The Telegram Becomes a Cesspool Anti-Semitic Controversy


ago a few months ago, the Telegram soared in popularity, hit 550 million monthly active users in July 2021, making it the fifth most used messaging app in the world. And as a wave of government order breaking the internet washed around the world, the app was praised for its fight against censorship and its role in helping protesters from Belarus in Myanmar to organize. But Telegram’s libertarian ethos has a much darker side, says anti-racism group Hope Not Hate: The app is one of the worst anti-Semitism holes you’ll find on the internet. And the problem gets worse in the day.

A new report from Hope Not Hate, which focuses on the spread of anti-Semitism online and as it is published throughout the day, finds that Telegram is the most important of the main internet platforms to provide a a “safe haven” for anti-Semites and extremists booted from other social networks. Most of these have fellow believers and vendors in QAnon, the anti -Semitism conspiracy theory linked to the January 6, 2021, launch at the U.S. Capitol.

The report points out that the number of channels devoted to anti-Semitic conspiracy, or straightforward anti-Semitic violence, will increase exponentially in 2021-without hindering Telegram’s rationality. One of these, The Elimination of the Cabal, which marketed the New World Order conspiracy theory launched in February 2021, has so far gained more than 90,000 followers; Another, run by an anti-Semitic QAnon promoter called GhostEzra, gained a following of 333,000. Hope Not Hate also found that at least 120 Telegram groups and channels shared the racist, anti-Semitic manifesto written by terrorist attack on two mosques in Christchurch, New Zealand, in March 2019, killed 51. The Telegram took no action against that incident. The Telegram press office did not respond to a request for comment.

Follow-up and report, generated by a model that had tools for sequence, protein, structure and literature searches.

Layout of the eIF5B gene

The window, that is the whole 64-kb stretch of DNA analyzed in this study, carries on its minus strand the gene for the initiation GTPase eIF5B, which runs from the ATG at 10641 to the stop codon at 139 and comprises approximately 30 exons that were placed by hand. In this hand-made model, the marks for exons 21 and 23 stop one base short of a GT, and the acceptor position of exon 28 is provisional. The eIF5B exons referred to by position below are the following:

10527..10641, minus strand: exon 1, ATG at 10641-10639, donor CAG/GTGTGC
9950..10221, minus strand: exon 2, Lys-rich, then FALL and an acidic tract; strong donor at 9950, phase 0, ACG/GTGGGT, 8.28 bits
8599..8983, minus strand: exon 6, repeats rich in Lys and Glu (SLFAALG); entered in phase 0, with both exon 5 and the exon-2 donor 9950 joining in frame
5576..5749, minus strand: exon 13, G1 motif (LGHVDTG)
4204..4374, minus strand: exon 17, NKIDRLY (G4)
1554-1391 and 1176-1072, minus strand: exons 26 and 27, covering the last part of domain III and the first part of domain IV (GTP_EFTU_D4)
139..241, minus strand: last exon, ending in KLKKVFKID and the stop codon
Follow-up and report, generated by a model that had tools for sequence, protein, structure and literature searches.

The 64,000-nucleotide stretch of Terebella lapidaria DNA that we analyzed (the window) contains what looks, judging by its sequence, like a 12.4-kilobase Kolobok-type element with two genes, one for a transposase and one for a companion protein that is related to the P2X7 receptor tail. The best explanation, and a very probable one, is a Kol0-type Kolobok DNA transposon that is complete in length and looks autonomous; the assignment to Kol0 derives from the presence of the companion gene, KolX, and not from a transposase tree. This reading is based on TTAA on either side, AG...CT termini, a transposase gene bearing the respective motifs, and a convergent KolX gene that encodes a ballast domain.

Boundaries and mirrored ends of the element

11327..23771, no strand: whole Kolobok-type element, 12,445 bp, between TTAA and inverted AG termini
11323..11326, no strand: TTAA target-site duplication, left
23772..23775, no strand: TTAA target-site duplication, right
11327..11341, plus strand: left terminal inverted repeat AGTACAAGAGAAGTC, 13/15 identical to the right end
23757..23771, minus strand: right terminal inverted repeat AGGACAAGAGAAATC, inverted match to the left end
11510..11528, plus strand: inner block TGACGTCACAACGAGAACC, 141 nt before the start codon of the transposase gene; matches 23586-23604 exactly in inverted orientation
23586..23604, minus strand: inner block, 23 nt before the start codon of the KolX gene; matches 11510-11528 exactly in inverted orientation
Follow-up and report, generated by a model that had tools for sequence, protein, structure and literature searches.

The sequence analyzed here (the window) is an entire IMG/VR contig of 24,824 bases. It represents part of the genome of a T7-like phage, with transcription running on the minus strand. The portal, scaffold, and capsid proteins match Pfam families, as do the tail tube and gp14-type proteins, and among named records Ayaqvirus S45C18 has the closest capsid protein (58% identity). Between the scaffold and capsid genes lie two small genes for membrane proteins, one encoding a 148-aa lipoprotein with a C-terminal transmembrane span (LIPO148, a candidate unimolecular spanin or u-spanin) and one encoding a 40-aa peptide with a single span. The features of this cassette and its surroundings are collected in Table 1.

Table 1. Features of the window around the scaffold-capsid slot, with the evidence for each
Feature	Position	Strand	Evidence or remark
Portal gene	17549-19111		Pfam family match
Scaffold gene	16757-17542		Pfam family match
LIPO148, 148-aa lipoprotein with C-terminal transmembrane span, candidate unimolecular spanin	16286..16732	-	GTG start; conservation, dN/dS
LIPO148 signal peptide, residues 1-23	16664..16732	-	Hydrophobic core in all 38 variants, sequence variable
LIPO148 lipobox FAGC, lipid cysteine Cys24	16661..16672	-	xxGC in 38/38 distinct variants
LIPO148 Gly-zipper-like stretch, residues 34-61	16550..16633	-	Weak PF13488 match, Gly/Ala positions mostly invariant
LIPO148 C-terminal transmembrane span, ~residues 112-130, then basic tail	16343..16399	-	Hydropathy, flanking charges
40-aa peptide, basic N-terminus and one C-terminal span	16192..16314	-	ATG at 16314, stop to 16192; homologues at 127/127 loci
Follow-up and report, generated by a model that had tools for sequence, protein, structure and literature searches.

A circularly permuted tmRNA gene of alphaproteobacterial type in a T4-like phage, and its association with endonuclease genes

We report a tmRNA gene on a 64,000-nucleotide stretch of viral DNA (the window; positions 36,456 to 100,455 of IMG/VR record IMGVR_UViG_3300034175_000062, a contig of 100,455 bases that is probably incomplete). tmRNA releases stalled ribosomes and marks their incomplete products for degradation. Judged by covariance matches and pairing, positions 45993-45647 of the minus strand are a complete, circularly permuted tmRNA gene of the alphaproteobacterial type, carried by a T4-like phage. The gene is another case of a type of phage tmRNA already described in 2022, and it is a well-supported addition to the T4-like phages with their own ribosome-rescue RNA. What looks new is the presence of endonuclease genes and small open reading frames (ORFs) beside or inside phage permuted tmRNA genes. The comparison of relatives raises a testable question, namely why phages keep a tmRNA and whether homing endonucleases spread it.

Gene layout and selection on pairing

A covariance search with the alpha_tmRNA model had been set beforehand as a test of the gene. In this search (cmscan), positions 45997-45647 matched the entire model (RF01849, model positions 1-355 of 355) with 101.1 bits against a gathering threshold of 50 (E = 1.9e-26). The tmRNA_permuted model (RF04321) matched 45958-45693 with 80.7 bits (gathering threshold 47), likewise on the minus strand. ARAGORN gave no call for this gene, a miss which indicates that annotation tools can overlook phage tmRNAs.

“If you compare it [inaction] in how the Telegram deals with Islamism and terrorism, it’s a difference night and day, ”said Patrik Hermansson, a researcher with Hope Not Hate. In 2019, the app took over more than 43,000 bots and channels linked to the Islamic State terror group as part of a Europol operation. Hermansson said some of the anti-Semitic content shared by the Telegram values ​​terrorism advocacy and should be suppressed accordingly.

Hope Not Hate is looking for that conspiracy theories has generally grown online since the start of the Covid-19 pandemic in 2020, and its associated lockdowns and social exclusion measures. Times of uncertainty and loneliness often give rise to all sorts of anti-establishment and anti-elite accounts, and the early stages of the pandemic are characterized by a conspiracy of issues ranging from 5G to the supposed Bill Gates ’role in the pandemic. But as University of Warwick philosophy professor Quassim Cassam detailed in a recent study, most conspiracy theories eventually drift into blaming a small group of people for any imaginary conspiracy they are positive about; almost always, that group is targeted as Jewish. The fact that online anti-Semitism has resurfaced in a post-Covid world flooded with conspiracy theories, therefore, is not surprising.

The case of QAnon it is perfectly demonstrated. This conspiracy theory continues that the world is ruled by an elite cabal of satanic and pedophiliac politicians, financiers, and Hollywood artists, who spend their days snatching children’s blood to keep children alive. -a clear riff of the old anti-Semitic blood libel. While the most famous American in its beginning – former president Donald Trump was described as a white knight, and according to a study, one in five people in the U.S. is a believer in QAnon—Over time QAnon’s conspiracy theory expanded its focus to include Covid-19 trutherism, anti-lockdown activists, and other right-wing troops, a move that has gained followers in many European countries. , which tops the list in Germany.



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